The American Association of Equine Practitioners has released guidelines for veterinarians who treat racehorses.
The "Clinical Guidelines for Veterinarians Practicing in a Pari-Mutuel Environment" emphasize that the entry date for a horse's next race should not be the primary factor when evaluating the need for medication. The AAEP guidelines state that the basis of medical treatment should be a veterinary diagnosis, with a sufficient interval to evaluate the response to treatment prior to racing.
The first section of the guidelines provides recommendations on appropriate timing and usage of medication. The next section addresses adjunct treatments such as shock wave and hyperbaric oxygen therapy. Other sections cover documentation of veterinary procedures, control of infectious diseases, assessment of horses for alternative careers after racing, inventory of veterinarians' vehicles, and drug compounding.
The document recommends that veterinarians who treat racehorses base their fees on the value of their professional services in addition to the costs of administering and dispensing medications.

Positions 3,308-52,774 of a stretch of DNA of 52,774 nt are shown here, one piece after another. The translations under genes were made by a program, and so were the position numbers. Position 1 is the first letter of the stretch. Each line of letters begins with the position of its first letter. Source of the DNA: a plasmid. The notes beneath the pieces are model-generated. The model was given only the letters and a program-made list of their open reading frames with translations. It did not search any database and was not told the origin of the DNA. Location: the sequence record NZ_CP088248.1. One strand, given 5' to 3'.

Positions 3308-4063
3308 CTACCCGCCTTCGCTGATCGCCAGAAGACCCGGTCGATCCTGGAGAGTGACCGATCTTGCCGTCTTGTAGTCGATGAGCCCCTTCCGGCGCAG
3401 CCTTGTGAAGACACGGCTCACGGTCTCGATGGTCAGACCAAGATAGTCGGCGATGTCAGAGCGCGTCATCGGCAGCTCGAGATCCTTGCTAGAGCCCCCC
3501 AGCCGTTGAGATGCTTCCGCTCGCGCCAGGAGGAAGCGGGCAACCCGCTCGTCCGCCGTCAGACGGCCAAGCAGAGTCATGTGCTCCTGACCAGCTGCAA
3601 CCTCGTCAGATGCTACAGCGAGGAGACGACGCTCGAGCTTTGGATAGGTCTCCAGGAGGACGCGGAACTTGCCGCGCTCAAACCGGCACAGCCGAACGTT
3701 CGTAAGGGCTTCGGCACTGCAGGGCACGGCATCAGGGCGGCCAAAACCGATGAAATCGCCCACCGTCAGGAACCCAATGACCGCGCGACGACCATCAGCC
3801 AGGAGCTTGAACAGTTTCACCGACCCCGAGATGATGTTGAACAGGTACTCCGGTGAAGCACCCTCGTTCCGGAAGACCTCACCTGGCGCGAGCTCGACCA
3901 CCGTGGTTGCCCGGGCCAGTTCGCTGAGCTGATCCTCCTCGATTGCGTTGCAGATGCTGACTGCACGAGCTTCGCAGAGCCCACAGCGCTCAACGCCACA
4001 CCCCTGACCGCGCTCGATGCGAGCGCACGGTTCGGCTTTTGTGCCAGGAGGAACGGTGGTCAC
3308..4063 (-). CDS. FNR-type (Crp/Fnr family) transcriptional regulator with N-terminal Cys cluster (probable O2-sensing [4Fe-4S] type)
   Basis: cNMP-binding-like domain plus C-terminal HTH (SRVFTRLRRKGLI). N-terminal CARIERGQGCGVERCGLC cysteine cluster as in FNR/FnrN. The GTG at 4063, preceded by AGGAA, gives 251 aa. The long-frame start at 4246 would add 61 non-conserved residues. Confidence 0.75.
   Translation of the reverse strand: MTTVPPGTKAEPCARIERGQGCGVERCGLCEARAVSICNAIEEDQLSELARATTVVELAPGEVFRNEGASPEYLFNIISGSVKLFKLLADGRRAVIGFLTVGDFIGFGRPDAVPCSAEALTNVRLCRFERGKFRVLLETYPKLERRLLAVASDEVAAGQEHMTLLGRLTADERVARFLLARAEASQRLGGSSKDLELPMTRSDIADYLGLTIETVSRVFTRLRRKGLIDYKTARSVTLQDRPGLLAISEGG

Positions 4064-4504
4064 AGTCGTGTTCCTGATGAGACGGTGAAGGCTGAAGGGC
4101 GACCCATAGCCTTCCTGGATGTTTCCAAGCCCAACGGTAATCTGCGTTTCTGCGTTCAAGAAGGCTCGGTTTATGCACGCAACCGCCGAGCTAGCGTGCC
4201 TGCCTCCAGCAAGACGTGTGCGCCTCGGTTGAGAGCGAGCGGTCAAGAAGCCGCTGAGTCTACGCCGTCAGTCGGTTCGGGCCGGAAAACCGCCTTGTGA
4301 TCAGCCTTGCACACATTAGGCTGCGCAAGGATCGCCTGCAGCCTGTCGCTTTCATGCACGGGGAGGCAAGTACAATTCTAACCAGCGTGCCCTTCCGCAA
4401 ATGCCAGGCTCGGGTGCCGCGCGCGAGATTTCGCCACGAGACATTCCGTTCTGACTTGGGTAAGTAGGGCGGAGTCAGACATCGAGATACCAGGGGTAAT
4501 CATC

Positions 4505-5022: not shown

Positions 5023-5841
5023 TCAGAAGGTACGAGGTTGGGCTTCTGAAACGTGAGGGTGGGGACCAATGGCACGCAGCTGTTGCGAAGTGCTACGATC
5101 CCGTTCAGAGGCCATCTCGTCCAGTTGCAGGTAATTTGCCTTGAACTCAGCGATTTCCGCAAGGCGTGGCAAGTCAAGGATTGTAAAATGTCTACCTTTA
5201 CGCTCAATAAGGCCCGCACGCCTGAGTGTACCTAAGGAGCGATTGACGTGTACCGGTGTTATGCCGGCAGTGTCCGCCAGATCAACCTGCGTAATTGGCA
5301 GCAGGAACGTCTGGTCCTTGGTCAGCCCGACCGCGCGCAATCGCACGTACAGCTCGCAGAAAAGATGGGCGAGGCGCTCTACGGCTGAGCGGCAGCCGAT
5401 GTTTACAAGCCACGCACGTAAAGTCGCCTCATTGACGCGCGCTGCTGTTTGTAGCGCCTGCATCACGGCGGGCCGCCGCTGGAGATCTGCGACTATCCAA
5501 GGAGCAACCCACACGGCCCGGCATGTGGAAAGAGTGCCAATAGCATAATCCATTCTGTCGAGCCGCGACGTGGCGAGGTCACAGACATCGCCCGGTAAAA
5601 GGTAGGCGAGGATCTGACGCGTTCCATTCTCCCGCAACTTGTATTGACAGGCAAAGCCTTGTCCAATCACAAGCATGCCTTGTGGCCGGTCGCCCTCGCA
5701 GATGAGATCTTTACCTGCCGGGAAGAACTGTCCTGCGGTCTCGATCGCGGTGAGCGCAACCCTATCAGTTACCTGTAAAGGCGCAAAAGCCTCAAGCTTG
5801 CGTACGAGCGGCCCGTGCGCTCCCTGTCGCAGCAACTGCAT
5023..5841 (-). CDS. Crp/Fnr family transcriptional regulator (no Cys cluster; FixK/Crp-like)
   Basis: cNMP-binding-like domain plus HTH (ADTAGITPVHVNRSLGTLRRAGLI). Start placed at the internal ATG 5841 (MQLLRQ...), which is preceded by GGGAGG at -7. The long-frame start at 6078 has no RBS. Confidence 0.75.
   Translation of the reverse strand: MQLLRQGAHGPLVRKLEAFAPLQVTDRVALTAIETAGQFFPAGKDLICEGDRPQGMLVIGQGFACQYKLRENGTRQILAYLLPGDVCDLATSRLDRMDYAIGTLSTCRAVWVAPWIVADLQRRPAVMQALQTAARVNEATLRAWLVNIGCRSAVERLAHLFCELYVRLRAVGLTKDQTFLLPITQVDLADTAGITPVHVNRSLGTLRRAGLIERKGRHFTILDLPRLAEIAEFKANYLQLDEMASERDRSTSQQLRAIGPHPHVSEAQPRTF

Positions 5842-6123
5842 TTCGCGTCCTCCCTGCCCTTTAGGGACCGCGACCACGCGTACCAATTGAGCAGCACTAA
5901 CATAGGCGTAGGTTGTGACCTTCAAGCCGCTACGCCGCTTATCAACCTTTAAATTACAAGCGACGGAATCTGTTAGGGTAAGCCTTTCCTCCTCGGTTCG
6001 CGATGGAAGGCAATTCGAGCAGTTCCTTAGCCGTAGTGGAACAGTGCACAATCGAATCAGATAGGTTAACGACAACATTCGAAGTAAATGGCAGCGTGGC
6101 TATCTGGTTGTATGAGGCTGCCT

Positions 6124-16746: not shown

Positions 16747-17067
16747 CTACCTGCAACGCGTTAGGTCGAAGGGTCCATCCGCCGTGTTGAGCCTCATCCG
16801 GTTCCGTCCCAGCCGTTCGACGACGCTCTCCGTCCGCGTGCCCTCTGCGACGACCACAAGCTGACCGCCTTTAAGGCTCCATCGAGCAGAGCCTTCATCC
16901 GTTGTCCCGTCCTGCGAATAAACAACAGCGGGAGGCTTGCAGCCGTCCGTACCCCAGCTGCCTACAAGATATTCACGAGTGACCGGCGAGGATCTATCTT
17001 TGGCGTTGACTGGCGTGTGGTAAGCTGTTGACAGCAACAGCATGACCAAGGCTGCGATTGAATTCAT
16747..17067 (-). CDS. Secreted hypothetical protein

The AAEP Racing Committee, formerly the AAEP Racing Task Force, developed the clinical guidelines. The committee members consist of private racetrack practitioners, regulatory veterinarians, and veterinary specialists. The committee previously released white papers with recommendations to improve horse safety and welfare in the Thoroughbred, Quarter Horse, and Standardbred racing industries.
All the documents are available at www.aaep.org/white_papers.htm.
Coming in February:
Stay tuned for in-depth coverage of the AAEP 56th Annual Convention, held Dec. 4-8 in Baltimore.